Authors: Merrett DL, Tailby C, Jackson GD, Wilson SJ
Title: Perspectives from case studies in obtaining evidence for music interventions in aphasia
Source: Aphasiology 2019 33(4): 429-448
Year: 2019
Research Design: Single Case Design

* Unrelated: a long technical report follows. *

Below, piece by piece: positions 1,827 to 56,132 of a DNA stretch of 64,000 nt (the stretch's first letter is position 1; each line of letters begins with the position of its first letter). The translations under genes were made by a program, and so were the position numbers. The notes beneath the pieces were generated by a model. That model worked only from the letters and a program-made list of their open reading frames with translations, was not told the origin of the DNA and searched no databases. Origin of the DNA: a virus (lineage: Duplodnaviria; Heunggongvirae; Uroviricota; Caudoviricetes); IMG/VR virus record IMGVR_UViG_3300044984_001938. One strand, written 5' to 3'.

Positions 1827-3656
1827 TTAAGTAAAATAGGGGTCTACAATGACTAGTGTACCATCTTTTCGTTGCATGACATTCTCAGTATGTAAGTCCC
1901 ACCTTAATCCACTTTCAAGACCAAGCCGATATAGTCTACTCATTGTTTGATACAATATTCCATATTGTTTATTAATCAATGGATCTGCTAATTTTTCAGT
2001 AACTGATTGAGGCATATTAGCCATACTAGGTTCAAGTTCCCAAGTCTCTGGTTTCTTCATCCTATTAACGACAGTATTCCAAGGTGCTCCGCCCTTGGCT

Background: Music interventions for aphasia, such as Melodic Intonation Therapy, have often been criticised for a lack of high-quality evidence regarding their efficacy and mechanisms of action. However, attempts to evaluate these interventions and produce an evidence base for or against their use have proven challenging. Aim(s): We discuss both the challenges in obtaining research evidence and some possible solutions, taking into perspective differences between clinical and research approaches in their aims, orientation, and methodology. Research is generally focused on standardisation, generalisability, and the provision of adequately powered and statistically sound evidence. In contrast, clinical work is usually client-centric, requiring flexibility to address the needs of the individual patient. To illustrate these points, we present case studies of two individuals with chronic post-stroke aphasia, who were pilot participants for a music intervention study. Methods and Procedures: These patients received research-oriented treatment with a standardised audio-visual Melodic Intonation Therapy protocol delivered via DVD over 6 weeks. They underwent comprehensive language assessments before and after therapy, which included functional neuroimaging for one individual. Outcomes and Results: This standardised approach provided modest clinical benefit in one case, although this was not captured in standardised outcome assessments. For the second, more severely aphasic participant, there was no observable benefit, possibly because the standardised approach did not provide the flexibility needed to deal with the severity of his deficit. Conclusion(s): Through presentation of these case examples, we highlight how heterogeneous clinical presentations and individual differences pose challenges to standardised research designs. We then offer suggestions for how these factors might be accommodated within rigorous research designs to provide a better evidence base for aphasia interventions.

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